Anyway, I dug the hell out of this flick. It was so enjoyable. A real cult gem and a great start to the evening’s triple bill! If you’re a fan of trashy 80s low-budget cult fare and you ever get the opportunity to pick this up on the cheap or catch it late night on TV, I urge you to do so!
JIMM: On first inspection Night of the Comet appears to be little more than a standard low-budget end-of-the-world thriller featuring particularly ropey special effects. Gladly it doesn’t take long to discover it’s a significantly more entertaining proposition than that; Night of the Comet plays fast and loose with myriad ideas and clichés from the preceding three decades of exploitation, horror and SF, fusing them into an uneven but highly amusing pastiche.
Beneath it’s painfully Eighties pop-cult surface – Valley Girl slang, on-screen arcade game sequences, a cover of Girls Just Want To Have Fun gratuitously featured on the soundtrack – you discover echoes of such relatively serious Seventies apocalypses as The Andromeda Strain and Dawn of the Dead, as well as remnants of tropes from earlier bubblegum exploitation flicks like the more teen-orientated end of Roger Corman’s output. Authority figures, be they parents or scientists are by turns cruel and clueless; problems that aren’t the end of the world continue to be a problem after the end of the world. Rescuers use deductive reasoning to establish that teenagers with nothing to do will end up at the mall while mutant stockroom boys conduct sadistic games having achieved the American dream… Subtle it ain’t, but for fans of this sort of tongue-in-cheek aesthetic there’s hardly a wasted moment.
While its amusingly talkative zombies under-achieve in terms of action and terror the film itself makes a good go of generating a distinctive and creepy atmosphere. The first few shots of a deserted LA automatic sprinklers and pool equipment coming to life amidst a weird red haze and piles of clothes – is startlingly effective considering the camp tone of the rest of the film and the limited resources available to the film makers.
Bickering sisters – Catherine Mary Stewart and Kelli Maroney as Regina and Samantha – are the main focus and consistently get the best material. Whether delivering self-consciously ludicrous and quotable lines – “Daddy would have gotten us Uzis” – in their bratty drawl. Scenes like Regina’s debriefing with the head of the villainous think tank are what make the film so pleasing; her flippancy and self-absorption aggravating his patience to the limit begins to approach the tone and sensibility of a classic comedy. The ending in particular is choice; an antidote to the delirious macho bluster and tortuous logic of straight apocalyptic narratives, closing narrative threads you’d barely considered and offering an eternally helpful road-safety lesson. Bitchin’.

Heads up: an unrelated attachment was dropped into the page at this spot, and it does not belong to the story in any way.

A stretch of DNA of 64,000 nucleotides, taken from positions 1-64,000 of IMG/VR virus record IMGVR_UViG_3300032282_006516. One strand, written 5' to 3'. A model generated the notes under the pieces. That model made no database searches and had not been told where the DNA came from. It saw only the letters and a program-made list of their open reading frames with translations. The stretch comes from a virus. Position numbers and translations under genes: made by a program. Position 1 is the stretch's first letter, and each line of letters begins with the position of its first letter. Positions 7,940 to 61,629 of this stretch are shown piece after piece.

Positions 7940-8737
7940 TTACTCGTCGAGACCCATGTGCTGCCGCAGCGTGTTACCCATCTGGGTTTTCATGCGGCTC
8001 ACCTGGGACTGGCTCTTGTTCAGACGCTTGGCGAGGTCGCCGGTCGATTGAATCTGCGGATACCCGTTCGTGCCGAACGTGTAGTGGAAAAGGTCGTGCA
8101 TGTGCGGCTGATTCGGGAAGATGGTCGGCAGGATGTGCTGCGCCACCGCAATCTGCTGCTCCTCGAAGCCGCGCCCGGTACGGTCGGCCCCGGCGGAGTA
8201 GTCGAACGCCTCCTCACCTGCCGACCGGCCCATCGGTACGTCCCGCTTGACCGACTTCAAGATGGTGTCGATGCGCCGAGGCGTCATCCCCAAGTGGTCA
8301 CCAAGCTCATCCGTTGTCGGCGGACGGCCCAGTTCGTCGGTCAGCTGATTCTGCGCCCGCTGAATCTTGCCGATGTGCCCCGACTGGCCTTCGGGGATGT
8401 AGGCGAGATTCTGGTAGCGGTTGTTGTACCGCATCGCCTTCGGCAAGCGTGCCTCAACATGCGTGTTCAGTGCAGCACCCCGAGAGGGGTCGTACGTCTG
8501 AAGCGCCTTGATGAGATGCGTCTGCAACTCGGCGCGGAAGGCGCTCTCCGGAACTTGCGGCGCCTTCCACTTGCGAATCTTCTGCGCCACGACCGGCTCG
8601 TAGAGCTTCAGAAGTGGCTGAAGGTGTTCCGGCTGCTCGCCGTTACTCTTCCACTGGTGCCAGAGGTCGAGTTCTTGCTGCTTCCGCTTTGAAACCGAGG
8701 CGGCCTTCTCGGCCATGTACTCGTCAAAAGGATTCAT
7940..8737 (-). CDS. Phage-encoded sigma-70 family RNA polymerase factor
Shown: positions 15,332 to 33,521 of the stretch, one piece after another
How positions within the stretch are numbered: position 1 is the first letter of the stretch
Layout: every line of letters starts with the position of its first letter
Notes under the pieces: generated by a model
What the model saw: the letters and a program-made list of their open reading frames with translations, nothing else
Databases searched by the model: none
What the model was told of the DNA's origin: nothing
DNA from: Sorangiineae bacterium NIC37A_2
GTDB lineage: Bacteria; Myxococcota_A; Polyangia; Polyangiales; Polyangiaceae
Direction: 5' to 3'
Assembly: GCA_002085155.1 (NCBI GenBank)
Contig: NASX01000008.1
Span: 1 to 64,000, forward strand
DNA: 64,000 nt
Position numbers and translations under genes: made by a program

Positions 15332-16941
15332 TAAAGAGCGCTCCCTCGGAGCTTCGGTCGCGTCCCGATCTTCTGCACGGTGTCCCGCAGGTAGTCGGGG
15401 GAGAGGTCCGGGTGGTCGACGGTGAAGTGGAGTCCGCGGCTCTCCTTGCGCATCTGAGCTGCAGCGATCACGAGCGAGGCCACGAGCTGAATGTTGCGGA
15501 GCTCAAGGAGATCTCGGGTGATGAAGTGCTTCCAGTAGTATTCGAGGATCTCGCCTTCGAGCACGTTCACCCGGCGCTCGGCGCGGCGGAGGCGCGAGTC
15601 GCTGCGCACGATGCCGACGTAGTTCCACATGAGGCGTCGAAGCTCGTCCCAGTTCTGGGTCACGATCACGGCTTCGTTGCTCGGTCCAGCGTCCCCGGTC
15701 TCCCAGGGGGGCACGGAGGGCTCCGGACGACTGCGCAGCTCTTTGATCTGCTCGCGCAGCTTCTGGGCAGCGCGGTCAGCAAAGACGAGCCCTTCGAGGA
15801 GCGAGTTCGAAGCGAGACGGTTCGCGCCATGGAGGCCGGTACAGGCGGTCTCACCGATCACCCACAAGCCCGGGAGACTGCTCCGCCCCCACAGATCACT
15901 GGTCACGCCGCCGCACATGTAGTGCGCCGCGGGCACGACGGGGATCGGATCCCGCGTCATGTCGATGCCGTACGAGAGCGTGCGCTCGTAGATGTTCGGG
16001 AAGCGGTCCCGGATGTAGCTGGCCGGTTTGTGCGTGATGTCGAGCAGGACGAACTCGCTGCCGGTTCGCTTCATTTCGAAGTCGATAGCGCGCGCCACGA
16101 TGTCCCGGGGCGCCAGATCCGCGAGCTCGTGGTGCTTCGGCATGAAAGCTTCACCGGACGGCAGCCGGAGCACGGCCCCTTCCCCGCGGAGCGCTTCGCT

It seems to me that at some point in the last twenty years films like Night of the Comet – trashy but inventive, sort of dumb but kind of smart – just stopped getting made; I certainly don’t know what the modern equivalent would be… Shaun of the Dead perhaps? There are parallels between the two but then there are also fundamental differences; for example though both films tread an awkward path between horror and comedy, it’s the more recent films underplayed banality which is both funnier and more “horrific”… I don’t know, even as I type these words I lose faith in them – I should just admit ignorance and hope that if there is a cache of straight-to-DVD nonsense in the vein of Night of the Comet out there I’ll discover it one day.
FOXX: … So the night kicks off with Night of the Comet; for me, the best B-Movie ever bar-none, simply for the sheer genius of the situations, and the twists that unfold as the movie rolls on… Talking “zombies” (I use ‘zombies’ loosely as they aren’t really zombies although they do eat flesh. I would say these were more the ‘hybrid zombie’ types, if I ever saw one). So the movie has the most amazing, cheap-ass sky effects for the comet hitting the earth, but it works well and sparks off the conversation about effects and how you can make a movie on a fiver and still have change for a few pints.
Now this is where things start to trail off into the vast areas of the unknown… and the night’s conversation takes to talking about random zombie moments in other movies, then I interrupt when I realise the guy they meet in the radio station is Robert Beltran a.k.a Chakotay from Star Trek Voyager. I then proceed to talk about how if our local town was overrun by zombies what my plan of action would be and where I would get the likes of circular saws and chainsaws to dispose of the zombies. This gets a few strange looks from the people in the room possibly due to the fact that my sentence began with “I would love this place to be infested with Zombies, imagine the mess from a chainsaw”.